Home » Technology » Meta Made Millions From Ads That Spread Disinformation

Meta Made Millions From Ads That Spread Disinformation

Meta Made Millions From Ads That Spread Disinformation

When Meta’s Mark Zuckerberg was called to testify before Congress in 2018, he was asked by Senator Orin Hatch how Facebook made money. Zuckerberg’s answer has since become something of a meme: “Senator, we run ads.”

Between July 2018 and April 2022, Meta made at least $30.3 million in ad revenue from networks it removed from its own platforms for engaging in coordinated inauthentic behavior (CIB), data compiled by WIRED shows. Margarita Franklin, head of security communications at Meta, confirmed to WIRED that the company does not return the ad money if a network is taken down.

A report from The Wall Street Journal estimates that by the end of 2021, Meta absorbed 17 percent of the money in the global ad market and made $114 billion from advertising. At least some of the money came from ads purchased by networks that violated Meta’s policies and that the company itself has flagged and removed.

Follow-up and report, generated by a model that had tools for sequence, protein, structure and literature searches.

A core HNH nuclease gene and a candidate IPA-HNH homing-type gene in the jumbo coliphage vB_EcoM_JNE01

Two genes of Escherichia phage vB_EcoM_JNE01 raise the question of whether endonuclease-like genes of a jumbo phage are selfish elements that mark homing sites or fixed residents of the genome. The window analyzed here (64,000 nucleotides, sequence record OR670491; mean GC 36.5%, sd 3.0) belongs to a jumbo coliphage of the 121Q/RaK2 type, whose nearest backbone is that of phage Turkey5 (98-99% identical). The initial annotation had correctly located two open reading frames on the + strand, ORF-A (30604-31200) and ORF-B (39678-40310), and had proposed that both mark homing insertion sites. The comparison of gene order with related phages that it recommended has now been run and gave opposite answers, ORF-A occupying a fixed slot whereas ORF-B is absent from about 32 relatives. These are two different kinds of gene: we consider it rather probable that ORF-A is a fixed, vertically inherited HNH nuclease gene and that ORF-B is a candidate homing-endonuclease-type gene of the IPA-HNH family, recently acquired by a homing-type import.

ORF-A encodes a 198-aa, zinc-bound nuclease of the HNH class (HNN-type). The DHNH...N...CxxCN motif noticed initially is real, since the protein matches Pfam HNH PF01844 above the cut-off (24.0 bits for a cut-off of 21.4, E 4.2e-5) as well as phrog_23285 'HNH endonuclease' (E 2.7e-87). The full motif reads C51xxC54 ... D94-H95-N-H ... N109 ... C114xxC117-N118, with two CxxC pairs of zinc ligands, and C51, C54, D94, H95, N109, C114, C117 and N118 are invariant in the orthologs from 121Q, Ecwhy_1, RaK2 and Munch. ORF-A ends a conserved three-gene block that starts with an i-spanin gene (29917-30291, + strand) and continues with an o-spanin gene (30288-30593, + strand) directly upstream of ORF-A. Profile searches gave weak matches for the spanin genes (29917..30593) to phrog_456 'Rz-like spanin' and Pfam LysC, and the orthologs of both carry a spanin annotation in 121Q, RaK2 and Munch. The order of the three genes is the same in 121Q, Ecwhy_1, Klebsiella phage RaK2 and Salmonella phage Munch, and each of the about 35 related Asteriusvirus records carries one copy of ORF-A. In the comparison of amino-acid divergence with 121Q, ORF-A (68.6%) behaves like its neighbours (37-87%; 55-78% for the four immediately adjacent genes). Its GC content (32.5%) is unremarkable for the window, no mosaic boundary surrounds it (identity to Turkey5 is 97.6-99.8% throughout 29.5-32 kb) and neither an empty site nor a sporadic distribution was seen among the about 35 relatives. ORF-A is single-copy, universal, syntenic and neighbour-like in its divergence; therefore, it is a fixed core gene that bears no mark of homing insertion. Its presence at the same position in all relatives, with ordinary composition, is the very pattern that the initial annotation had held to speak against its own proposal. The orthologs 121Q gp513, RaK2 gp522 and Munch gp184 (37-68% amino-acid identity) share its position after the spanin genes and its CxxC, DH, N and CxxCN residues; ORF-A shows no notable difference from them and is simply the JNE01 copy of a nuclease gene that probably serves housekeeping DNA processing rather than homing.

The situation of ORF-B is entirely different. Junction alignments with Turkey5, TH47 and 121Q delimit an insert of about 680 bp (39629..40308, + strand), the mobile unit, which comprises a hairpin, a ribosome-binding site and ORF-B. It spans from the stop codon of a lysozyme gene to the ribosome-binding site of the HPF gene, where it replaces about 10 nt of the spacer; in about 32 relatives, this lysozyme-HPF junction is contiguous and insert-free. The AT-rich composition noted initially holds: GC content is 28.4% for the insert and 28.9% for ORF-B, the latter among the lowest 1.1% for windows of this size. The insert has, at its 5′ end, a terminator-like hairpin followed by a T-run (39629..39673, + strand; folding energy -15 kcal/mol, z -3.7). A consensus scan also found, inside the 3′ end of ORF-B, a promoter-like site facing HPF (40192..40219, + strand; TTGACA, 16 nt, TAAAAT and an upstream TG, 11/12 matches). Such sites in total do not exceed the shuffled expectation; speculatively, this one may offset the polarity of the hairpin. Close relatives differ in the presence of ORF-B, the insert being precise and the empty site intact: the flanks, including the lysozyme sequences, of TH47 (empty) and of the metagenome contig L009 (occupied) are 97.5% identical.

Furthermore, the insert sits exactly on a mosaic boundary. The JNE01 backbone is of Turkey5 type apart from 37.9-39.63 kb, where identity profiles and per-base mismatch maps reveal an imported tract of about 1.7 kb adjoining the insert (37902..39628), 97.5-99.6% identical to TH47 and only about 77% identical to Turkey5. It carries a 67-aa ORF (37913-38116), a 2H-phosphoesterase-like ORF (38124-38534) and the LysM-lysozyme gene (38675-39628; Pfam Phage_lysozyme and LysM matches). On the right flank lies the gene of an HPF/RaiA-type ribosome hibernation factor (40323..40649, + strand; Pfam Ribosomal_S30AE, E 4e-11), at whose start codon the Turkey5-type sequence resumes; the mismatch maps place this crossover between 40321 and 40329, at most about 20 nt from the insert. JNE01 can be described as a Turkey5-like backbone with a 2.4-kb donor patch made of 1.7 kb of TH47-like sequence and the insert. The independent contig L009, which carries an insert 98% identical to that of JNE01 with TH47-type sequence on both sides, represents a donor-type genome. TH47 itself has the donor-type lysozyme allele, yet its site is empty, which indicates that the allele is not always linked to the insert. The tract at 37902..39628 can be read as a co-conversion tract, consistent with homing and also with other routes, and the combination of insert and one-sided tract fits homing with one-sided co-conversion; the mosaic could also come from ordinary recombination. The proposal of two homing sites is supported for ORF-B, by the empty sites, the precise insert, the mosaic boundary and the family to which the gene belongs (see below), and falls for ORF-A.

Photographs: Meta

“The advertising industry globally is estimated to be about $400 billion to $700 billion,” said Claire Atkin, cofounder of the independent watchdog Check My Ads Institute. “That is a large brush, but nobody knows how big the industry is. Nobody knows what goes on inside of it.”

See also  How to Choose a Router (2022): Tips, Technical Terms, and Advice

But Atkin says that part of what makes information, including ads, feel legitimate on social media is the context they appear in. “Facebook, Instagram, WhatsApp, this entire network within our internet experience, is where we connect with our closest friends and family. This is a place on the internet where we share our most intimate emotions about what’s happening in our lives,” says Atkin. “It is our trusted location for connection.”

For nearly four years, Meta has released periodic reports identifying CIB networks of fake accounts and pages that aim to deceive…

Read full article on www.wired.com